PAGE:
'They're not strangers. She knows those caregivers as well as she knows anyone else. They come every day.' Even as Shelby pointed this out, she knew that it was futile to try to reason with Talia.
Talia looked at Shelby as if she had not heard a word. 'You can bring the boy with you if that's what you want. It's her grandchild, after all.'
Shelby wanted to shout out, never. I would never subject my grandson to her. But Shelby knew better than to get into this with her sister. She would never completely escape the web of guilt and duty that kept Talia prisoner in that gloomy house with their incoherent mother. But Shelby did her best to resist it. Since Estelle's diagnosis she helped pay for caregivers, and she made the occasional perfunctory visit, but that was all. Talia was apparently intent on sacrificing her life for their mother. Shelby refused to feel obliged by her sister's choice. If that's what she wanted to do, that was her business.
'I'm certainly not going to bring a four-year-old around someone who is that ill,' said Shelby. Not to mention drunk, she thought.
'Never mind what would be good for mother,' said Talia.
Shelby raised her hands. 'I'm not discussing this. I have to get to Chloe's. Why don't you get in touch with Glen? Maybe he'll come see her.'
'Oh, Glen. Right.' Talia snorted, put her hands on her hips and glanced around the apartment. 'It crossed my mind that he might be here with you.'
Shelby looked at Talia in disbelief. 'Why would he be here? You think he's hiding from you? You know that Glen does what he pleases. I haven't seen him in months,' said Shelby. Their younger brother, Glen, though highly intelligent, was jobless, aimless, and had no permanent address. In his late thirties, he still had many friends who let him crash on their couches or housesit their homes. He showed up periodically and always persuaded Talia that he was worried about their mother, and undyingly grateful for Talia's stewardship. Shelby perceived little sincerity in his show of concern. He did it to keep the peace. 'Look Talia, I have to be going.'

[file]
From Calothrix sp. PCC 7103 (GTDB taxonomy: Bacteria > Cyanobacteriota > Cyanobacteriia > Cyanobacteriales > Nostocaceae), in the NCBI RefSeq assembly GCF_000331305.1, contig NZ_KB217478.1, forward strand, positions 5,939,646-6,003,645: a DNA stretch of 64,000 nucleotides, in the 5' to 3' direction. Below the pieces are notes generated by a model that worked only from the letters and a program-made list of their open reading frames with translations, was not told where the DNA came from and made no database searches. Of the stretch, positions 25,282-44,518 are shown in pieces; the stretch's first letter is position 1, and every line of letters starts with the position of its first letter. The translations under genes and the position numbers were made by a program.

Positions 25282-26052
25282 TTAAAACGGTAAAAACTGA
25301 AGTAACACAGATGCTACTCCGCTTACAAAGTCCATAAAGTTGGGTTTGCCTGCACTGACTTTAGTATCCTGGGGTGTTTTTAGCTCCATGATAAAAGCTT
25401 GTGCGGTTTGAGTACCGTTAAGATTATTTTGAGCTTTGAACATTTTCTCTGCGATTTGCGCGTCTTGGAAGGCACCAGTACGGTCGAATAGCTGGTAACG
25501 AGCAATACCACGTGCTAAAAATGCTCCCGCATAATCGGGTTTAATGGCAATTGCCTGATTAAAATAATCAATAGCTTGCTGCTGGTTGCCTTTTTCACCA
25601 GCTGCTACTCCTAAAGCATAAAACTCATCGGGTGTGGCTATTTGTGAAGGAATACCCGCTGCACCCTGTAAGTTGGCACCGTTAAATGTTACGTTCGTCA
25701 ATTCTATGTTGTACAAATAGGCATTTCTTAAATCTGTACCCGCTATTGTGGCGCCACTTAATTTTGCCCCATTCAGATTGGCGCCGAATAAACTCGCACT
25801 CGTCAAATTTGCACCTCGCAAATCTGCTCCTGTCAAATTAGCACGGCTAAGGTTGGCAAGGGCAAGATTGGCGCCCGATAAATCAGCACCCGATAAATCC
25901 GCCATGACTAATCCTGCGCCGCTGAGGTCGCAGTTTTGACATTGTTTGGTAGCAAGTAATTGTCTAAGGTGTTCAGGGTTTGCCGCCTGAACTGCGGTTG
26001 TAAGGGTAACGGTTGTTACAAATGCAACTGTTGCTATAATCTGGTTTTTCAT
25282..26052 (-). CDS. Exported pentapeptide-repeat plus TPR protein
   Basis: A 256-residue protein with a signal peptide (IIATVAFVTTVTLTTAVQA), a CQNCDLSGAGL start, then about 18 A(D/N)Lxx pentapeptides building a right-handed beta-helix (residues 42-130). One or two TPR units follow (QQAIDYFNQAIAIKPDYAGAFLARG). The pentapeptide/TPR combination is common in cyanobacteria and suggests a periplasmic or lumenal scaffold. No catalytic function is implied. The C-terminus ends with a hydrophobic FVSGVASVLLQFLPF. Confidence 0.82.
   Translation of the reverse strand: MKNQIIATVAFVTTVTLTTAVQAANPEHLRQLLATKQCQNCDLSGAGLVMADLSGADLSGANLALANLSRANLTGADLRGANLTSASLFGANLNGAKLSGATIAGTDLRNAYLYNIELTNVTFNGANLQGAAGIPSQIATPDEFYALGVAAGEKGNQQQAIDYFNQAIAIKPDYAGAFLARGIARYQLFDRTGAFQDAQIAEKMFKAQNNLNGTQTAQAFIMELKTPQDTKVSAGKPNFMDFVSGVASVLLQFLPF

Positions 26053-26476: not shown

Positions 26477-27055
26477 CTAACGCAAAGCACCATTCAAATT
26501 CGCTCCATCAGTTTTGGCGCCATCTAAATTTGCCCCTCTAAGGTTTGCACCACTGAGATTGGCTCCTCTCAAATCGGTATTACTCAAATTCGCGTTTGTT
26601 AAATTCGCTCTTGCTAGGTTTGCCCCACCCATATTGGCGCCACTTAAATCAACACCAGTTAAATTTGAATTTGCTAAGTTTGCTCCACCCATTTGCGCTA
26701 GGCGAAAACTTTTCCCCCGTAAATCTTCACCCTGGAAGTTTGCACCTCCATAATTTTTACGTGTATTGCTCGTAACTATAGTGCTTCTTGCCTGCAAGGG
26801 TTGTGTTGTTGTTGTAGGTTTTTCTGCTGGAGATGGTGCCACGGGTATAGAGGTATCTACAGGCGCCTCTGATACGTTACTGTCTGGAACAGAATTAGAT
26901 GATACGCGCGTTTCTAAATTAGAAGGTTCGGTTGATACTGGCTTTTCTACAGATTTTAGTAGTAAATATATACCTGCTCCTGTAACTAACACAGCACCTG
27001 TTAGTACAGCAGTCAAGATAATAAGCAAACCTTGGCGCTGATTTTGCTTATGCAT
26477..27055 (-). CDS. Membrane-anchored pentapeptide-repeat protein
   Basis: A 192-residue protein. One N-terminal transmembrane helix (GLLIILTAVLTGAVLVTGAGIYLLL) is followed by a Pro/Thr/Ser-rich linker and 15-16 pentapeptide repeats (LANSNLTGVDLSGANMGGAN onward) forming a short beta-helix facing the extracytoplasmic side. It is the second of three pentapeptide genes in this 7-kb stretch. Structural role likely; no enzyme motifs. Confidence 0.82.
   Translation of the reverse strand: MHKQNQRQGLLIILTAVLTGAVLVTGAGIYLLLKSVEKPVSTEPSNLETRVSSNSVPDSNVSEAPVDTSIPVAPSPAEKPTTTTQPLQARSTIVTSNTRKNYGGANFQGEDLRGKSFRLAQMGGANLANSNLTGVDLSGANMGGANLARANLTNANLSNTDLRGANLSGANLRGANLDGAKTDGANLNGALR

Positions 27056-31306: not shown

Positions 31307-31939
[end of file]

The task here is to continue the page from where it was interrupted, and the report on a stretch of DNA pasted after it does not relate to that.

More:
Talia peered at Shelby. 'Why doesn't the kid come here?'
As she often did, Talia had stumbled upon, and prodded, a sensitive subject. Shelby would have preferred to have her grandson at her own, comfortable apartment. But her daughter, Chloe, had gravely insisted that she didn't want any upheaval in Jeremy's life, so Shelby had agreed to stay at their row house in Philadelphia's Manayunk neighborhood. Shelby was not about to argue the point. She was simply glad to have a whole week with her grandson. 'He goes to school near their house,' Shelby said, hating the defensiveness she heard in her own voice. 'It's just easier this way.'
'Sounds to me like she doesn't trust you with her kid,' said Talia.
'Well, you're wrong,' said Shelby. 'Now, if you don't mind.'
'I have to get back to work anyway. I don't know why I wasted my lunch hour coming here,' said Talia. 'I should have known better.'
I don't know why you came here either, Shelby thought. She picked up her bag from the grey suede chair. 'I'll walk you out,' she said.
Chloe was standing outside her tidy, gray stucco-front row house when Shelby arrived. She made a point of looking at her watch. Chloe had asked Shelby to be there promptly, so that she could accompany Chloe to pick up Jeremy at his preschool. That way, Shelby would know how to get there in the week that Chloe and Rob were away on their cruise. Shelby glanced at the dashboard clock. The unexpected visit from Talia had thrown her off a little bit. And the city traffic had been heavy from her apartment in Society Hill to the gentrifying blue-collar neighborhood across the river where Chloe and Rob lived. She had cut it close, but she was not late.
Shelby felt the usual pangs of love and anxiety as she gazed at her daughter's serious expression. Chloe had long hair that waved around her oval, freckled face. She was lean from years of religiously eating healthy foods and daily jogging. She was dressed in her nurse's scrubs, which she wore for her part-time job in an ob-gyn's office. At twenty-four, Chloe was the image of her father, Steve, a customer Shelby met at a South Street coffee house when she worked as a barista her last year of high school. Shelby and Steve were married on Valentine's Day at City Hall, along with about thirty other couples who wanted a Valentine's wedding. Steve left soon thereafter, despite the fact that Shelby was pregnant.